Mike Zito’s Resurrection (Gulf Coast Records/Hillside Global), produced by David Z (Prince), is an all-out bonanza of rock star proportions, for it is here that the St. Louis blues-rock guitarist/singer/songwriter stretches out and comes up a stone-cold winner on his eight originals and three scintillating covers (JJ Cale’s 1979 “I’ll Make Love To You,” Blind Faith’s 1969 “In The Presence Of The Lord” and Willie Dixon’s 1954 “Evil).
Is John McTigue III a musical genius or what? It’s About Time (MC3 Records) has the percussionist/composer surrounding himself with the cream of the Americana crop for his solo debut away from Carlene Carter’s band. The stunning lineup of sound—four guitars, two vocalists, fiddle, bass, electric mandolin, pedal steel and even a string quartet—provides a stirring backdrop for 12 gems. Besides a rockabilly version of the 1923 folk song “Deep Ellum Blues” and a samba feel for The Tennessee Mountain Boys’ 1951 “Ashes Of Love” bluegrass classic, McTigue cross-pollinates genres with ease and daring. There’s progressive-rock instrumentals and he twists Buck Owens’ 1965 “Buckaroo” into an Afro-Cuban song (“Starbuck”). He even arranges Frederic Chopin’s 1830 “Etude #4” into pure jazz. Is there nothing this amazing cat cannot do?
The Molly Miller Trio positively rocks on St. George (GSI Records). She’s an incredible whiz-bang guitarist who just happens to own a USC Doctorate in Musical Arts and is the chair of the Guitar Department at the Los Angeles College of Music. She’s the go-to gal for Jason Mraz, Black Eyed Peas, and even an ABC-TV reality show. Her two mates are also A-Listers: Jennifer Condos, the bassist for Stevie Nicks and Jackson Browne, plus Jay Bellerose, the drummer for Alison Krauss and Robert Plant. Together, they swing, roll, bop, bash and smoothly set forth 11 instrumental jams with Miller’s versatile guitar leads taking the place of vocals. She can go from a whisper to a scream and does so to sublime effect.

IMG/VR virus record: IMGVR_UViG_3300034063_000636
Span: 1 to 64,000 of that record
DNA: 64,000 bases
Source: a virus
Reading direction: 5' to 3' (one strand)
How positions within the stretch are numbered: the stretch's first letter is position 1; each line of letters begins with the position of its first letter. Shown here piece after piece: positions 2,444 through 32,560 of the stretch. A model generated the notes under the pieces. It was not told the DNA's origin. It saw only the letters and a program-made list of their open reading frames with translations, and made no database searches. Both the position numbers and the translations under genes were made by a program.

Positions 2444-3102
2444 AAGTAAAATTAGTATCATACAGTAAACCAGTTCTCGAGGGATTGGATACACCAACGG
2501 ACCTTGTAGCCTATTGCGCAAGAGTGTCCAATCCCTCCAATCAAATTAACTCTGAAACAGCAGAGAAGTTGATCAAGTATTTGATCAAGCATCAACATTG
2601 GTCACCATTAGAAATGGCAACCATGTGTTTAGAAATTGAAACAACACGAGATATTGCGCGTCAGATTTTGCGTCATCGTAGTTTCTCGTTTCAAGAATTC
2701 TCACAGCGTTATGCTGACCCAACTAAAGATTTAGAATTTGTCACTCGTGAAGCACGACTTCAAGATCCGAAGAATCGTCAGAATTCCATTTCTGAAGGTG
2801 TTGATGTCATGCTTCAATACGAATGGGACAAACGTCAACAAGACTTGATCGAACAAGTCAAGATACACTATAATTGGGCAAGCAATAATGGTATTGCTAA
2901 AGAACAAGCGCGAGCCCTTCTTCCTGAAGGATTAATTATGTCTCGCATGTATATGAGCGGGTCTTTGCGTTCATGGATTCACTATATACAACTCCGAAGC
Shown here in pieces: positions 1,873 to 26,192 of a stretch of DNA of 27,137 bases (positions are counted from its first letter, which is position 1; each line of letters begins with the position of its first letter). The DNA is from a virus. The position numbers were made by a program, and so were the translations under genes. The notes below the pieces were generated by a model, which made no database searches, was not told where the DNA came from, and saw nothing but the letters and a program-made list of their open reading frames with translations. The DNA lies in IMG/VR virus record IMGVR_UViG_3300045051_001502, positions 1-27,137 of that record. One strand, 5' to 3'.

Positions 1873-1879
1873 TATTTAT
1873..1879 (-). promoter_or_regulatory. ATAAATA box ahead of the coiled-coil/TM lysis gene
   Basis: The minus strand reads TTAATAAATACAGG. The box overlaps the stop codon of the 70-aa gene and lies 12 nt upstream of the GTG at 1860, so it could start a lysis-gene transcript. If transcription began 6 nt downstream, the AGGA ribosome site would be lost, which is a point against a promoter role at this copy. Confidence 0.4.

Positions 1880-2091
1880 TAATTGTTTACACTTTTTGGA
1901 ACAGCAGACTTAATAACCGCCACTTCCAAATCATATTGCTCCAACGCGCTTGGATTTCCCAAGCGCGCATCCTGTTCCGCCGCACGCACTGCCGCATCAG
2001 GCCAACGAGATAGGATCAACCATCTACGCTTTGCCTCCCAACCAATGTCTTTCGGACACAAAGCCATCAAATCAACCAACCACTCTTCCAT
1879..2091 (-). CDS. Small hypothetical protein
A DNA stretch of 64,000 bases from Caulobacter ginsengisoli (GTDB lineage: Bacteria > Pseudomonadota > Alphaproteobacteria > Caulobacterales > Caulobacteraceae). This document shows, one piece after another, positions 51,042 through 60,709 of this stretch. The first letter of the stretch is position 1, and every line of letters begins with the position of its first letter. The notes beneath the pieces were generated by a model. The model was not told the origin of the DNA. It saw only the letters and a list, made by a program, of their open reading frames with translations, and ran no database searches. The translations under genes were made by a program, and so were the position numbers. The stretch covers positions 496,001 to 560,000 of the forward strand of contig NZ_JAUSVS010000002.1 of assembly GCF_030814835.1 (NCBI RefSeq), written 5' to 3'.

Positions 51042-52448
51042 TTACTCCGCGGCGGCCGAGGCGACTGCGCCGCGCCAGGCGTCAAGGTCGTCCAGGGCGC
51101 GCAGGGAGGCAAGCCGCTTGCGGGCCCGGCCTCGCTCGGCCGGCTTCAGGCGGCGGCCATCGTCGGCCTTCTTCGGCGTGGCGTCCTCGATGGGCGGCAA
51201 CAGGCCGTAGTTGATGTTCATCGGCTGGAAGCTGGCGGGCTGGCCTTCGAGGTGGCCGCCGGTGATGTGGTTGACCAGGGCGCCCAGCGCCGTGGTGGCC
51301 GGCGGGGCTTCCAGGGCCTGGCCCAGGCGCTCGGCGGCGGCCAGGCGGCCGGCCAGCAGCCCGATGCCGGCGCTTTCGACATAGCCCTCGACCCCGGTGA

The Cold Stares wear Heavy Shoes (Mascot Records). At first glance, this Indiana duo is an ass-kick of a band: hard, heavy, fuzz-toned to the max with an aural sheen like a Mike Tyson uppercut, maybe because it was mixed and mastered by the guys who did it for The Killers, Beastie Boys and Smashing Pumpkins. But dig a little deeper and lyrical themes of addiction, torture, destruction and manipulation come from singer-songwriter-multi-instrumentalist Chris Tap. Tap treads where Poe and Faulkner wrote. Murder, suicide, cancer and the dead are all in his head, heart and family history like a long line of Southern Gothic novels. Four-armed Monster Drummer Brian Mullins is his perfect foil. Your choice. Be forewarned. Rock out. Or rock out while being seduced by Tap’s poetry. Either way, this one’s a stone-cold winner.
Rock and Roll Floozy: Lazy Susan (Atomicat Records) compiles 28 odes to femininity including “Linda Lu” (Curley Langley and His Western All Stars), “Willa Mae” (Al Casey), “Evalina Mahoney” (John Worthan) and the title track by The Brothers (sounding like the Everlys). Along the way, there’s rockabilly, swing and pop songs and the kind of primitive rock’n’roll that populated the airwaves prior to 1963. Floyd Whitehurst has a “Brand New Baby.” Howard Crockett is full of promises “If You Let Me.” Dig that rare Roy Orbison being too “Chicken Hearted” to get a date. Jerry Jaye calls his honey “Sugar Dumplin’” while Paul Seipp and The Rhythmaires just want to go back to that “Little Gray Shack” where she’s waiting. And who knows what’s going on in Buzz Clifford’s “Padiddle (The Car With One Light.).”